Acadia National Park in Maine is the ancestral home to four distinct tribes, the Maliseet, Micmac, Passamaquoddy and Penobscot—collectively known as the Wabanaki, or “People of the Dawnland.” The park is known for its well-maintained rock cairns. In 1896 Waldron Bates, the lead author of the hiking map still utilized at Acadia, developed his own cairns, often referred to as the Bates Cairns. Over time the Bates Cairns were replaced by traditional-looking cairns but eventually, Acadia National Park re-established the Bates cairns at the park to honor Bates’ legacy.
Good to Know: Cairns are “intentionally constructed stacks of rocks that mark trails and guide hikers in the mountains above tree line and in other barren areas,” as defined by Leave No Trace. This guide suggests the importance of cairns for hikers during periods of low visibility and reinforces the minimization of impact on cairns to keep explorers safe. The guide also stresses that visitors never rebuild or remove cairns allowing hikers to safely and efficiently return home.
St. Paul Island’s Wildflowers
St. Paul Island is home to swarms of nesting seabirds, tufted and horned puffins, arctic foxes, hundreds of thousands of northern fur seals and one of the best wildflower displays in Alaska. With its wildlife, natural setting, Aleut culture of the people who call this place home, and its unparalleled location in the central Bering Sea, visiting the island is an experience that is unequaled anywhere else in North America.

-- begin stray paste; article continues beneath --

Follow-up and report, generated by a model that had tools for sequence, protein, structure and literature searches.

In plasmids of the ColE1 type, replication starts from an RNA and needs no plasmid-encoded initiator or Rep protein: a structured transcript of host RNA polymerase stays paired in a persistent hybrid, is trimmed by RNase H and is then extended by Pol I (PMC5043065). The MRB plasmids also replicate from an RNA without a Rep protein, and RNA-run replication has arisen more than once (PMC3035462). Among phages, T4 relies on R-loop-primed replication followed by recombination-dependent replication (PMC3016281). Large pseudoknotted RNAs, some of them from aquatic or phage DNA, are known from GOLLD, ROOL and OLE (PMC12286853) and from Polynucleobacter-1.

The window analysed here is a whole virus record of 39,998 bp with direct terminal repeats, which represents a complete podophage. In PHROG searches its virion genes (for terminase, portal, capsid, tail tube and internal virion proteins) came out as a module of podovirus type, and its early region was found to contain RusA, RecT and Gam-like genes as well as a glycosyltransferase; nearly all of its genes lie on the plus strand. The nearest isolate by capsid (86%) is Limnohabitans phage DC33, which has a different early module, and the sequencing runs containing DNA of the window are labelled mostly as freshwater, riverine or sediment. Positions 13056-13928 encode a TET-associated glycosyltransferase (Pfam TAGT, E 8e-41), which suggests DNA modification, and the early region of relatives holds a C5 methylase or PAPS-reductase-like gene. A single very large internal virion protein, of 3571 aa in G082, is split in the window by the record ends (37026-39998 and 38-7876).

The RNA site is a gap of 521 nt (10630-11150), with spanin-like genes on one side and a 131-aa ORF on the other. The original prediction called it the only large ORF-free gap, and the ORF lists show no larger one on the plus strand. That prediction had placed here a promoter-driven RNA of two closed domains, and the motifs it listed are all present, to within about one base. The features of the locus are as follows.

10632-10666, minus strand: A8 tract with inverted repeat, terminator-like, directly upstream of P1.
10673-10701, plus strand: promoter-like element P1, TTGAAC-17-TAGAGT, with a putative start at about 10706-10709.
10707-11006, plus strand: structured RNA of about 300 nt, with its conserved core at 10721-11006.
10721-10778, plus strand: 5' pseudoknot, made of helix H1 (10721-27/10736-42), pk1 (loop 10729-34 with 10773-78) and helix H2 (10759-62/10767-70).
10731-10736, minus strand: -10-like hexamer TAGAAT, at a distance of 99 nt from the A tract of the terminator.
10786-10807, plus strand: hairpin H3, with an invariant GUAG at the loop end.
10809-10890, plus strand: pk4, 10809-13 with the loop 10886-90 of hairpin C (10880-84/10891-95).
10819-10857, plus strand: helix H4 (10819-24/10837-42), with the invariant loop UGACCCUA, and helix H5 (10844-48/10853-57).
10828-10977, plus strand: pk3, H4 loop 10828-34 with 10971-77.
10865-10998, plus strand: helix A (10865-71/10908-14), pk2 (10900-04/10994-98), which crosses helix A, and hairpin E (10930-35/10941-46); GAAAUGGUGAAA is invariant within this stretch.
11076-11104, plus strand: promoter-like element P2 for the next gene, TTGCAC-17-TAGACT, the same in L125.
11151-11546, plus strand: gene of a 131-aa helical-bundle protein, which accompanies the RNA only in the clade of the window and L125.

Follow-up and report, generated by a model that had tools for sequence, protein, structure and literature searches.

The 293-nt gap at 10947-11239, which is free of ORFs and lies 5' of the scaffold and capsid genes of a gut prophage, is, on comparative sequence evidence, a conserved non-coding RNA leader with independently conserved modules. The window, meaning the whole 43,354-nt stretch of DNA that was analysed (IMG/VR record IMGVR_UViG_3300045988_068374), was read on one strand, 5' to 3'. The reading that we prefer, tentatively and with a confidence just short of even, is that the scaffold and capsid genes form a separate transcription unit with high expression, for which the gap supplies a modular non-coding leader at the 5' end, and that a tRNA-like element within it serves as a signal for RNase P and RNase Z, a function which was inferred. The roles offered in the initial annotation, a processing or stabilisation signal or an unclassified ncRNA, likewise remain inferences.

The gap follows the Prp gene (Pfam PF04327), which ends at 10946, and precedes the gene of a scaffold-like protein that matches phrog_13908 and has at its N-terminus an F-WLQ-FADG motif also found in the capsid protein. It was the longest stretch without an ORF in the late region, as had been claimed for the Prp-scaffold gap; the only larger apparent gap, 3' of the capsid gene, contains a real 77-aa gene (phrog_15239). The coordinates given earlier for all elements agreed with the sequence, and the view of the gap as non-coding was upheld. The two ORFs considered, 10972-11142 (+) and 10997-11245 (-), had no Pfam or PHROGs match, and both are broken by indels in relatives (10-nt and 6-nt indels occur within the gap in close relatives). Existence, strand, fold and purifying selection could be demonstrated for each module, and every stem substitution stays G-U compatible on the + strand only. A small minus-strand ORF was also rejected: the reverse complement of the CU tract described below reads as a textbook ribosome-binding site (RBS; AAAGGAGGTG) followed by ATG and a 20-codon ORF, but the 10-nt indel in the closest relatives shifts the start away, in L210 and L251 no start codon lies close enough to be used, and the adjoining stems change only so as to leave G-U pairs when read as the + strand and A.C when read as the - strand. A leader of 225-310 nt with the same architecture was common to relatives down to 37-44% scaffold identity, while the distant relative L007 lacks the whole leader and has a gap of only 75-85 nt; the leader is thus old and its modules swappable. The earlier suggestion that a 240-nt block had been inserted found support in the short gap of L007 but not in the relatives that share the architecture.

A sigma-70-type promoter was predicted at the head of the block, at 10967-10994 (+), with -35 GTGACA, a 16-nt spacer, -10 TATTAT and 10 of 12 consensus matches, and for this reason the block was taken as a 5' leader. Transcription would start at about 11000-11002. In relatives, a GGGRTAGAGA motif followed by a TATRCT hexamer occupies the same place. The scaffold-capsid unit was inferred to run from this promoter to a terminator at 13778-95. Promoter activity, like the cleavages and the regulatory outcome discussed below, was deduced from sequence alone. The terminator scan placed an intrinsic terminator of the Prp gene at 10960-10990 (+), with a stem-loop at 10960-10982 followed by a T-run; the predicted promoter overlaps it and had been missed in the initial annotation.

Good to Know: Enjoying nature is a huge part of traveling, including an increasing interest in travel to enjoy sightings of beautiful wildflowers. In the Leave No Trace For Superbloom guide, Leave No Trace highlights the importance of leaving wildflowers as you see them. This means not collecting them as souvenirs to take home, but rather take a photo or create a sketch to remember your unique find. Another way to minimize harm to wildflowers is to stay on designated trails to minimize the potential of destroying them by accidentally stepping on them.
The Yurok Tribe, the largest federally recognized Indian tribe in California, has a reservation that straddles the majestic Klamath River, extending for one mile on each side of the river, from its entry into the Pacific Ocean to approximately 45 miles upriver to the confluence with the Trinity River. The reservation is also home to some of the largest redwood trees in the world. Later this year, the Tribe will open it’s newest visitor program, the Redwood Canoe Adventure Tour, which will share Yurok tribal culture while paddling down the river in a traditional redwood canoe.